“What I could do with feather boa and everything was because, as a child when Terry was playing Sofia the hairdresser in District 6 he always had this feather boa, and nine times out of 10, I would be in the dressing room – when I wasn’t on stage – in the high heels and Terry’s feather boa.
“It always amazed me – we laughed about it recently – that it was absolutely normal for me to do it, nothing strange about it. Now he has Wasief Pekaan under his wing.”
Alistair has a particularly soft spot for singer Karin Kortje, a sensational singer on stage but someone who is prone to attracting the headlines for all the wrong reasons since she burst onto the scene a few years ago.
“Karin is probably one of the most incredible vocalists that SA has ever experienced,” Alistair says. “She just doesn’t understand the incredible power she possesses with her ability and how people are emotionally overwhelmed when she sings.
“Unfortunately she’s been part of bad publicity around her life, and always by association with others, never what Karen did. I wanted the opportunity to create a product where she could be on stage where no one could talk of her or about her, where she could talk and everyone was quiet and they would listen, where she could say, ‘yes I messed up but this is the real story’.
“I have produced many shows but that was a very special one for me. People forgave her and they forgave themselves for blaming her for things. That was absolutely wonderful.”
Kaapse Stoep Stories was also quite special for him. It was such a daunting exercise that, he says, he actually had a bad attack of nerves hours before the opening and wanted to run away.
“It was the first time I had really challenged myself. It was the first time in my long career that I was going to walk on stage – alone – and tell my story. It wasn’t biographical; it was about this wonderful street I lived in Mitchell’s Plain, Koringhoop Rd in Westridge.”
Alistair’s 30-odd years in the industry has given him a good insight into what it takes to put on a big production. He has worked with prominent players in the industry, people like Pieter Toerien, on shows that require significant financial injection. He has no hesitation in telling you that finance is a major stumbling block.
“I will tell that it is still exceptionally difficult for people of colour to get funds. Whether it be corporate or otherwise. It is still very difficult. It is a huge challenge, the cost in having to produce it, having 15 to 20 people just in roles besides the band, besides all the other things. We don’t have access to that kind of money.
“But I don’t feel the need to take people out to lunch to convince them to give me money. My reputation speaks for itself and the work that I have done speaks for itself. I just trudge on and do my own stuff. There are huge challenges in having to do that because you don’t always have R500,000 lying around so that you can put it into these projects.
“I work hard and I give the young people the platform to express themselves. It doesn’t perturb me because the journey is so fantastic. The outcome is just so rewarding that by the time I get through the challenges, I’ve forgotten about that and I’m onto the next one.”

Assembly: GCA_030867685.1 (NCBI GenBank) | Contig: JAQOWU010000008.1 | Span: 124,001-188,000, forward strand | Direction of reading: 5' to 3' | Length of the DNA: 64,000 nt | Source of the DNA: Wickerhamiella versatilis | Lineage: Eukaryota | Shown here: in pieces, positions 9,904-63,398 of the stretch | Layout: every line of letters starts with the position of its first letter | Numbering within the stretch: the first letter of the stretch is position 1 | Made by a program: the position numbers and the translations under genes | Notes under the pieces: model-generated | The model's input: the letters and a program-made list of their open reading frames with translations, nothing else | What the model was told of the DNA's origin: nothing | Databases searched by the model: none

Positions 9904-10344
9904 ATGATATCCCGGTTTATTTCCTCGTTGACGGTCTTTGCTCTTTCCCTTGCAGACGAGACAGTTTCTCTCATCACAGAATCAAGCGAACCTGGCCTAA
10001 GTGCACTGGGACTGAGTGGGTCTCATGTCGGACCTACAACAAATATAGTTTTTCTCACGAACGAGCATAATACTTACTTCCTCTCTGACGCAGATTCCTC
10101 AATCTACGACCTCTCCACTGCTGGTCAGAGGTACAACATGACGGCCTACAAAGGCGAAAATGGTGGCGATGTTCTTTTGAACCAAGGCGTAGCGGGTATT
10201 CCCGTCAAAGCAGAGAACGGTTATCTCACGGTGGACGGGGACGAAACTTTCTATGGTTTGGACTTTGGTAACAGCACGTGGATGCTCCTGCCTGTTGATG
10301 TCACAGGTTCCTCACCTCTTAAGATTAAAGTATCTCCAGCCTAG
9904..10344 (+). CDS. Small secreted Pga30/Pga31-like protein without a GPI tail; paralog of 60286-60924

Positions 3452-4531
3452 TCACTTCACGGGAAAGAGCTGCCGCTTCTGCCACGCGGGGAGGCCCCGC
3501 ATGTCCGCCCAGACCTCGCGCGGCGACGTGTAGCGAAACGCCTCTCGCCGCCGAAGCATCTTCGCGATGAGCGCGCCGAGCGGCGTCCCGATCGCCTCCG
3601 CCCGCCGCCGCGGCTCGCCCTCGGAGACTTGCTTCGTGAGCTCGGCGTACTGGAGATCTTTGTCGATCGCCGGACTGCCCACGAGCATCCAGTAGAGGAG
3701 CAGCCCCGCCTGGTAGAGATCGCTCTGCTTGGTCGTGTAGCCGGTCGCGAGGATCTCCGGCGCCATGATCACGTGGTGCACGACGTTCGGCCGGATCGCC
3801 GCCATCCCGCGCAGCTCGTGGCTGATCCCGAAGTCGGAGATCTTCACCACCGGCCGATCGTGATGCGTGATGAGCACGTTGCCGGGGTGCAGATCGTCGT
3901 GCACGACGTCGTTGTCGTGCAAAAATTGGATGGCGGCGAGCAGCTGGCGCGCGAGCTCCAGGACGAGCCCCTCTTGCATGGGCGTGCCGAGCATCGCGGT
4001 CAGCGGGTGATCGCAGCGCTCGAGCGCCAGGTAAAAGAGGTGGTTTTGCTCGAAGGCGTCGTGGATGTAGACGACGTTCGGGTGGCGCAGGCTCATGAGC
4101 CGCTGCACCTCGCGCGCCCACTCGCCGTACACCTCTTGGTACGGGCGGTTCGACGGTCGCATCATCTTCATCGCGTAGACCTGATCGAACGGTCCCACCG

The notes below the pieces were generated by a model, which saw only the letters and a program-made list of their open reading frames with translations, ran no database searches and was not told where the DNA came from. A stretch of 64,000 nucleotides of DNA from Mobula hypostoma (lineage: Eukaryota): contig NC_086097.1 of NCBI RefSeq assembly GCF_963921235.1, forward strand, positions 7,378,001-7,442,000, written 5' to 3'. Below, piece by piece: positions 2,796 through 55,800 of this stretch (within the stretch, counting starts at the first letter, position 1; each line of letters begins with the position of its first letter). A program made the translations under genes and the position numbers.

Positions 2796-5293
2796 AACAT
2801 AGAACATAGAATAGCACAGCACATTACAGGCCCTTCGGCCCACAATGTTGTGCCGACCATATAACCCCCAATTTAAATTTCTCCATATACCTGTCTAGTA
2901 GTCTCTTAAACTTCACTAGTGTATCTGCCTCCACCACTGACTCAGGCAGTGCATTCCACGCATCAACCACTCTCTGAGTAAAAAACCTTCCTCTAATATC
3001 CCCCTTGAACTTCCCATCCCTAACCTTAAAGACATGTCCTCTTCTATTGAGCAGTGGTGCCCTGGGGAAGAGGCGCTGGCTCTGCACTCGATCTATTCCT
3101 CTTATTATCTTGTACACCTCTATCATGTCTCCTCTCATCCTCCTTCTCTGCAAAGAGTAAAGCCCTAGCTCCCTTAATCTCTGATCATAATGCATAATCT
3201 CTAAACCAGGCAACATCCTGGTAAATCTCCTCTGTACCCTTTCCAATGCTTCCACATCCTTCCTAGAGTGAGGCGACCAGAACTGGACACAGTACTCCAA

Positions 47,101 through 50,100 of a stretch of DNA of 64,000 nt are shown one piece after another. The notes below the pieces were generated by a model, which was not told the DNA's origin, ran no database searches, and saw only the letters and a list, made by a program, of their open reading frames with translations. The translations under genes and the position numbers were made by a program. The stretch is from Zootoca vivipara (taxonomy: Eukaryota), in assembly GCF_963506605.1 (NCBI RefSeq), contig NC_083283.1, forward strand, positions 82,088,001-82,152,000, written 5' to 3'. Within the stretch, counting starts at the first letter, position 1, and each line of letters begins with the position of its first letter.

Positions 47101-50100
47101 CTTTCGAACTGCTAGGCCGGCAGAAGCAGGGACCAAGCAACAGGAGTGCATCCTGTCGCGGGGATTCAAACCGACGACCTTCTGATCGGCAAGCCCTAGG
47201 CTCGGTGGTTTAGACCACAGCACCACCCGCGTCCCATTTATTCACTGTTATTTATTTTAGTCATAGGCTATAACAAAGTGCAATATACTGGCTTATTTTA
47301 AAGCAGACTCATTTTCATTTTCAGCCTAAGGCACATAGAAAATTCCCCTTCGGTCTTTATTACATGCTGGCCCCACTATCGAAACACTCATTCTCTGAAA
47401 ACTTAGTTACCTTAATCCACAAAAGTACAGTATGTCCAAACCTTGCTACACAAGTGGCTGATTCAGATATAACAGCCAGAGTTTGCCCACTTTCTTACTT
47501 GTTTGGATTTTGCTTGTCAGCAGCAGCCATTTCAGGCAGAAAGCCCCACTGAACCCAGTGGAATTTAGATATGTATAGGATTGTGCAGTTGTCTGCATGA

No need to do anything serious
With all those shows under his belt and much of it that can be labelled under the same genre of light “Cape Flats” entertainment is their any desire to take a different tack, something with more serious content that challenges him in a different way?
“I don’t feel the need to have to do anything serious. For one reason, I feel that life is absorbed by things that are serious and heavy and emotionally taxing. There are not many celebratory moments in peoples’ lives.
“The one thing that people want in their lives in Cape Town, is having some kind of emotional attachment to the piece that they are seeing and understanding what they are seeing. People need to hear their own stories, they need to be validated. This is how they speak. And these shows, I allow people to laugh with and not at themselves.
“I’m not a producer of serious theatre work and it is not important enough yet for me to do things like a musical on Zane Adams’ life. There are a host of challenges when you tackle a project involving other peoples’ life story.”
But what if he did have easier access to funds? What would he do with it to make his creative juices flow?
“If someone gave me enough money where I didn’t have to concentrate on creating work for other people – which I do, I could very well go on stage and sing with a backing track and make all the money like the old days, But no, I find it important to create working opportunities for young people.
“I might also spend a year with one of the three real big projects that I have in mind. I don’t want to get ahead of myself. It is going to come; but it is not going to be someone else’s money. It is going to be my money. I’ll be able to write the things that I want to put onto stage.
“One of the things that I do want to do out of the three projects is do a fantastic celebration of the musical thread between white, coloured, and black – make people understand how exceptionally similar we are with one thread between all that music and we should be doing it, we should cross-pollinate each other’s ideas.